YESTERDAY’s massive one-day strike stopped whole regions of the UK, but is only the start of the campaign, local government workers warned.
Striking local government workers packing out Central Halls, Westminster, shouted slogans at the end of the rally demanding a national march to take the fight forward to defend their pensions.
A flustered rally chairman, UNISON Greater London convenor Alan Jarman, replied that there wasn’t a march planned, but then said there will be a march on May 1st for trade union freedom.
Earlier, Ed Blissett, the GMB London regional secretary, won big applause when he said: ‘I say to the government, if you can spend billions of pounds to wage war in Iraq, then you can find a few millions to pay low paid workers what they deserve.’
He stressed: ‘Everyone who pays in all their working lives expects to be paid back at the end of their working lives.’
‘If MPs can have what they get promised, why can’t low paid workers who graft for the public every day get what they are promised?’
He concluded: ‘Tony Blair, pay them what they deserve!’
UNISON general secretary Dave Prentis opened the speeches, saying: ‘Workers across the country are standing shoulder to shoulder.’
He pledged: ‘This is not just one day of action, we are digging in for a big dispute.’
Angry public service workers were picketing all over the country.
In Norwich there was a 300 strong picket at Bethel Street Library.
Kevin O’Grady, branch secretary of Norwich City Council branch of Unison told News Line: ‘If the government choose to ignore us we will continue taking action, from selective action up to and including an all-out strike. We are not going to let them ride roughshod over us.’
Cath, senior steward at Norwich City library added, ‘We represent low paid members and we’re asking for the same deal as other workers. And we’re prepared to keep going until we have the same deal as “final salary members” retiring at sixty.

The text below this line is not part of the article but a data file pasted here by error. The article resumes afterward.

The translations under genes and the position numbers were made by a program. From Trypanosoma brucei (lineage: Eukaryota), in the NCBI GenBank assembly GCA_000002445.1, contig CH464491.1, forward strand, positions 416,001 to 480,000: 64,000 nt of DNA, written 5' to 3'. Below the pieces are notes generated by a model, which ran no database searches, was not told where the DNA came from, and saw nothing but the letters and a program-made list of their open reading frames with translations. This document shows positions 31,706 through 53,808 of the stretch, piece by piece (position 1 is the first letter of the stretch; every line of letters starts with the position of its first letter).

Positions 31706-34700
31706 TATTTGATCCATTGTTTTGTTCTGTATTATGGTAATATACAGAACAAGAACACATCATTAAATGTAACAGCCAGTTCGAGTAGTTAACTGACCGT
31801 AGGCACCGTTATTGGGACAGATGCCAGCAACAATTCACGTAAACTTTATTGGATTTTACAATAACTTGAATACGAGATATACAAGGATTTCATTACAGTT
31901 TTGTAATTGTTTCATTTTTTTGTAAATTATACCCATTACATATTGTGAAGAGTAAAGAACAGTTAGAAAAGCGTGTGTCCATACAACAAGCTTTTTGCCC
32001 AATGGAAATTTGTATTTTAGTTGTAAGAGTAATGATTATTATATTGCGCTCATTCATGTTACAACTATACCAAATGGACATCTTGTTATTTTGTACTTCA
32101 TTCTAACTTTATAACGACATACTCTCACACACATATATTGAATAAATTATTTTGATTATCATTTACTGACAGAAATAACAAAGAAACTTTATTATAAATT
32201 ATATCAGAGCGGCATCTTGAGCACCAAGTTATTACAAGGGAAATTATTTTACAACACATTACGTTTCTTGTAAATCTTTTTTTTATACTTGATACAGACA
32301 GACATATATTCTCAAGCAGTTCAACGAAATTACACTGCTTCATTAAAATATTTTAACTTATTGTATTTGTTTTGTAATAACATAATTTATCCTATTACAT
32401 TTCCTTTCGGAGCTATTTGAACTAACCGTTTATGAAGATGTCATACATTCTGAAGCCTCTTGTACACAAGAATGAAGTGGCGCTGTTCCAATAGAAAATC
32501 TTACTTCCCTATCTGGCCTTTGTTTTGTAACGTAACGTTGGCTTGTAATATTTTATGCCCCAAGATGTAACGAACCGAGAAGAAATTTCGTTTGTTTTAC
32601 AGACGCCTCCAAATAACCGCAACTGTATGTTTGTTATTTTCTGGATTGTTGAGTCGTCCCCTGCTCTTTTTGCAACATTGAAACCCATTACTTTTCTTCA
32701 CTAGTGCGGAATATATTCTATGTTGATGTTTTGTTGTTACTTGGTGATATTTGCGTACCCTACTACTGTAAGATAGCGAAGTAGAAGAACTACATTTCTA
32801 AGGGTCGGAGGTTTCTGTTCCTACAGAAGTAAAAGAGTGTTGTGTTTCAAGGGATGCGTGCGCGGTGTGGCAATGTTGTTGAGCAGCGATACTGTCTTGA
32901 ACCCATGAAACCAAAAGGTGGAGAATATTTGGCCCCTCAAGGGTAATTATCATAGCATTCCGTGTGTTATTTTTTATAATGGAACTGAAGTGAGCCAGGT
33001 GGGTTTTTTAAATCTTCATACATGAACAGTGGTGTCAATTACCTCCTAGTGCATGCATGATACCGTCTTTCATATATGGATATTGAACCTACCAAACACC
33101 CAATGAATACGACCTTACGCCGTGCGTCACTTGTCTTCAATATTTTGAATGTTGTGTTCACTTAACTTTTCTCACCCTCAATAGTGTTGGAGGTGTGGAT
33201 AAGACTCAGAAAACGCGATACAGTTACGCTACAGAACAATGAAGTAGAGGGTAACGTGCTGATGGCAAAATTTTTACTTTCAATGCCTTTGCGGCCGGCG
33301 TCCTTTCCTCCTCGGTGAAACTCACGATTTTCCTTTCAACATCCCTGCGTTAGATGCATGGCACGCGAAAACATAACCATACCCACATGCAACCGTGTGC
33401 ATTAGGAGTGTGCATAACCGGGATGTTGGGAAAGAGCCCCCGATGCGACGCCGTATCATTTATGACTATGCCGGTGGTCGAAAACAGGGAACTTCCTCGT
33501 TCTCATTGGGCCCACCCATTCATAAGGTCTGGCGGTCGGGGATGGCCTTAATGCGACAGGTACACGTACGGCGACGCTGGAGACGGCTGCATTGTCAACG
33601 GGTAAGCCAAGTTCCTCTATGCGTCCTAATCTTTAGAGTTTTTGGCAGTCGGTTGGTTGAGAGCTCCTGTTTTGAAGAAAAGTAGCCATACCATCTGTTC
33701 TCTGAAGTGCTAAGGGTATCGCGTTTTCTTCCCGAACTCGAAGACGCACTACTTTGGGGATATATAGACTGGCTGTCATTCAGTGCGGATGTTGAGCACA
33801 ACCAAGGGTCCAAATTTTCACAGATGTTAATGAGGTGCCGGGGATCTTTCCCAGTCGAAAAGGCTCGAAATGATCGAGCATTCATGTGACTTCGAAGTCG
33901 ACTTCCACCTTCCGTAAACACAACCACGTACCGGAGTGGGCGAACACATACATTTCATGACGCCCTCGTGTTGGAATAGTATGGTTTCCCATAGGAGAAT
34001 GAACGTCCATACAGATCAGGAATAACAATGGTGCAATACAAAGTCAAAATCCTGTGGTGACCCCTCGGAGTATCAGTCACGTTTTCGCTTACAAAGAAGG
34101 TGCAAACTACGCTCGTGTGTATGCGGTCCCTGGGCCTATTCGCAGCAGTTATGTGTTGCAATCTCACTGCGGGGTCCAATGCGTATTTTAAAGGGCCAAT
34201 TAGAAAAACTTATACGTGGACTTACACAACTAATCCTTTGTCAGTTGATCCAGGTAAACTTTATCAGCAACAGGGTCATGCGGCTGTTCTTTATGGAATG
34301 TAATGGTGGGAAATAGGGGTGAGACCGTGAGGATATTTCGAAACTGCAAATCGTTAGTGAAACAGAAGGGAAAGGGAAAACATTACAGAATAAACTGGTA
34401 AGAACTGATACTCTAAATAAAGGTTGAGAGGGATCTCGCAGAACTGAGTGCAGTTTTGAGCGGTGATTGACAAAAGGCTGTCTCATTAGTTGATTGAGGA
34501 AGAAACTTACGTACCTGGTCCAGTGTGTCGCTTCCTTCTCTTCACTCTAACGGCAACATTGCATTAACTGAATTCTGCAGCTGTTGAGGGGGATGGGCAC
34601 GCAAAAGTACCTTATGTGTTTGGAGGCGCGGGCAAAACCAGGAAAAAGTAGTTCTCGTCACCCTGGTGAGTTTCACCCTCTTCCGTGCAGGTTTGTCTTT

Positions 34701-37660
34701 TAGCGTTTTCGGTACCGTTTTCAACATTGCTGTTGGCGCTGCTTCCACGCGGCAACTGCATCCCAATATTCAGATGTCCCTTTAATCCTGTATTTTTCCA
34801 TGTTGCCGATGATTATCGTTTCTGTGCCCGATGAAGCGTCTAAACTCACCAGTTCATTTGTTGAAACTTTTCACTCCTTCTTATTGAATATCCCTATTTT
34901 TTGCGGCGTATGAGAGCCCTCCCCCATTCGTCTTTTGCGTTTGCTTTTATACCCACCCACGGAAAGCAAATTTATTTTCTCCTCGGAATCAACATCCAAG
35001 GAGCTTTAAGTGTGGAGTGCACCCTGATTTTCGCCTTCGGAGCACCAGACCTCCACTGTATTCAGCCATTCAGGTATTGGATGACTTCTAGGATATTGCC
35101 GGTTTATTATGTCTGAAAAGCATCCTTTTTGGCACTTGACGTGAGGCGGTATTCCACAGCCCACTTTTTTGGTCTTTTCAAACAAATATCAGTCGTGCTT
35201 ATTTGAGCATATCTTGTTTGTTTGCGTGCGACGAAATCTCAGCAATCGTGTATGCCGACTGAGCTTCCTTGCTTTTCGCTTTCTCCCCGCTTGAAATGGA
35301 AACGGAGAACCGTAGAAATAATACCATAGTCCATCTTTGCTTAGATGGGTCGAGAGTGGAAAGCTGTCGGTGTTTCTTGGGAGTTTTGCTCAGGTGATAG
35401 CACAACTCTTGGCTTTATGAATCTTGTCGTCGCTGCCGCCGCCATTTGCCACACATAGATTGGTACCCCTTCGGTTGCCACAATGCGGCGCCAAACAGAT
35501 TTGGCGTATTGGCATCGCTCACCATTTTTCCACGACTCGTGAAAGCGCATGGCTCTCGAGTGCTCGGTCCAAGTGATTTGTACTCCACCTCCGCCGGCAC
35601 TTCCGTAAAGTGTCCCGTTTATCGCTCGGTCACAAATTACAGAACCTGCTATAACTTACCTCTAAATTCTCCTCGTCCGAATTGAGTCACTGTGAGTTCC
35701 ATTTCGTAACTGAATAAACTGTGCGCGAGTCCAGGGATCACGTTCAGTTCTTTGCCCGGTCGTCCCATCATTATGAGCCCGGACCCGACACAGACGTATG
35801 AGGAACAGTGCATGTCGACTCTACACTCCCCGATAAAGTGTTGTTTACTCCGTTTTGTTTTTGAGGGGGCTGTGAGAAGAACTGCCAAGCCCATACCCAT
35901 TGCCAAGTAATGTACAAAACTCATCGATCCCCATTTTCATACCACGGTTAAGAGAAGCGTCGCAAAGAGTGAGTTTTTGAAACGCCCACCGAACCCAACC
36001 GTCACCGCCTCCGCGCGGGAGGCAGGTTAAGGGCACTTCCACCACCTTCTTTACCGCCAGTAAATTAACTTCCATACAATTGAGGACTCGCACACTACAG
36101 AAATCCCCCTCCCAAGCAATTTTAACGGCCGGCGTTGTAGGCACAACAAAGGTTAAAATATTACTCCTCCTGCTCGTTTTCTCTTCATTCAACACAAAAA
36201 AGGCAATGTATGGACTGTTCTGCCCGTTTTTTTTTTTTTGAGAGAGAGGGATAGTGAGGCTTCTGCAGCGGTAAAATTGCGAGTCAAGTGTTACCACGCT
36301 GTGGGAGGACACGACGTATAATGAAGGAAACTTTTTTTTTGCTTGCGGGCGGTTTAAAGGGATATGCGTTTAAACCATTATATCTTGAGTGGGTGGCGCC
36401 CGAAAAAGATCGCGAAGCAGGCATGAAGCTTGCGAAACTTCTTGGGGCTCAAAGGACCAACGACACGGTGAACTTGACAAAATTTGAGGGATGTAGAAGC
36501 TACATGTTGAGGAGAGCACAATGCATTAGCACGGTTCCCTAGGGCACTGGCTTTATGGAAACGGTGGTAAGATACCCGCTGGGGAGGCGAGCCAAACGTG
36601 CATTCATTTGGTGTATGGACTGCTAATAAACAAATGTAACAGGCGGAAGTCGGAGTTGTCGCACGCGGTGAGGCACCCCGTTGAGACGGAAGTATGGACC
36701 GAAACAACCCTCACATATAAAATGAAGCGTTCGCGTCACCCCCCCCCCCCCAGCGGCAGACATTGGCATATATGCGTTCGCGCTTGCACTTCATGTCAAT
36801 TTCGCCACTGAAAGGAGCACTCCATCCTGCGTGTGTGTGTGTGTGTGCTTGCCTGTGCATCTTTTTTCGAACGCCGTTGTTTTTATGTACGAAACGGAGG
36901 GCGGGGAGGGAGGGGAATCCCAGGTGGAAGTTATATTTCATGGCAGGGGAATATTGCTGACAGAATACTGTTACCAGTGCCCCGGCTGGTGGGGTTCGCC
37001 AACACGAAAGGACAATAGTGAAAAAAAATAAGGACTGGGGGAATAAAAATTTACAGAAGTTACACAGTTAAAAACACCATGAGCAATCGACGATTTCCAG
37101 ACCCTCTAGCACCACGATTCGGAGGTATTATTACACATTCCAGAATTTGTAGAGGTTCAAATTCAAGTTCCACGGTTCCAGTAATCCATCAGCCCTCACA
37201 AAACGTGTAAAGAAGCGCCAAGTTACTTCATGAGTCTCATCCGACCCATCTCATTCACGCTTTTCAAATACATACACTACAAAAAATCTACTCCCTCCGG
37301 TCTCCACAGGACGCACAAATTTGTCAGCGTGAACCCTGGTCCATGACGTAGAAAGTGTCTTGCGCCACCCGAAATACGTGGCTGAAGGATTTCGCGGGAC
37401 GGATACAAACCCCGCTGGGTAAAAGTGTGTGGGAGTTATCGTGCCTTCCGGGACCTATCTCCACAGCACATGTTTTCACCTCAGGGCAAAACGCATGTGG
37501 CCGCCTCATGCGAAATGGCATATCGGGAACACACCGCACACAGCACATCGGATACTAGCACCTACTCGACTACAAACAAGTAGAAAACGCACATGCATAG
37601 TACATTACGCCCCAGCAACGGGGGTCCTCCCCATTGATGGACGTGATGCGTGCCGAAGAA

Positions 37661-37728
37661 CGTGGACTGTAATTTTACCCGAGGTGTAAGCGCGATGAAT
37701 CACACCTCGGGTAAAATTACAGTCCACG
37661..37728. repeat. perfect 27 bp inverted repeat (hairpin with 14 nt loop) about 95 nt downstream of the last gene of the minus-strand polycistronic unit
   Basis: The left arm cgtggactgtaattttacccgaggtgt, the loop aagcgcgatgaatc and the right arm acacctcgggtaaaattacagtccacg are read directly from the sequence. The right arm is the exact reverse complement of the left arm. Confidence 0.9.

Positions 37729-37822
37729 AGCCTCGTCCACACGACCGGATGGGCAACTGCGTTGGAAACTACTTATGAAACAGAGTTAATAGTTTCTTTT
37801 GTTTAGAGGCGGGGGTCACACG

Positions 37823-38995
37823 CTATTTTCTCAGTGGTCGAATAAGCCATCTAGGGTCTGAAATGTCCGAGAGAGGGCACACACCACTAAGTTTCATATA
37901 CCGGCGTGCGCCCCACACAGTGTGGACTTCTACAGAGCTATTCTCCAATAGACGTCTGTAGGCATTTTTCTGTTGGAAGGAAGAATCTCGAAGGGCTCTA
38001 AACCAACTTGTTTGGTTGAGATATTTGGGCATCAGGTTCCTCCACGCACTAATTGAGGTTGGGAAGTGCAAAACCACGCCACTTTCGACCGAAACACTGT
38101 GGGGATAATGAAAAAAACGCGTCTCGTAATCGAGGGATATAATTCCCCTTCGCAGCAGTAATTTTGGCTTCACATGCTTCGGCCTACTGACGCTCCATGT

‘I feel let down because that was the contract I signed. Now they want to change that contract without consultation and want to impose the two-tier pension scheme on us.’
Occupational therapists Debs and Anne-Marie were very clear, ‘This action is a matter of principle. It’s our money that’s gone into our pensions. I bet their pensions are protected and what about the knock-on effects to the younger generation and also those who worked all their lives and are about to retire.
‘I think we should have a general strike. We’ve got to outdo them!’
In London, Haringey UNISON branch official Glynn Rowlands told News Line: ‘We are very pleased with a very effective strike.
‘It’s heartening to see all the unions joining together to take action.
‘If the government doesn’t take notice we will have to step up the action.’
Another local UNISON branch secretary, Sean Fox, added: ‘I’m pleased. It’s solid all over.
‘Most schools are closed or at least have only skeleton staff’.
Pickets in the GMB and other unions told News Line that they were in total agreement with UNISON.
‘We don’t come out very often’ one said, ‘but we didn’t sign up for these contracts so we feel strongly about taking action and will come out again if nothing happens.’
Three hundred striking Unison, GMB and other trade unionists marched through Luton town centre at lunchtime yesterday, as part of the one-day strike that closed down Britain.
Unison Branch secretary Christina told News Line: ‘I think we will have to take more action.
‘My hope is that the government sees sense, but I do not really think that they will.
Addressing the rally Jed Peck, a NATFHE representative from Dunstable College, brought the support of the NATFHE union to the strikers.
Peck said: ‘The explosion in France is showing the way forward. We need to unite and fight this bosses’ government on all fronts.’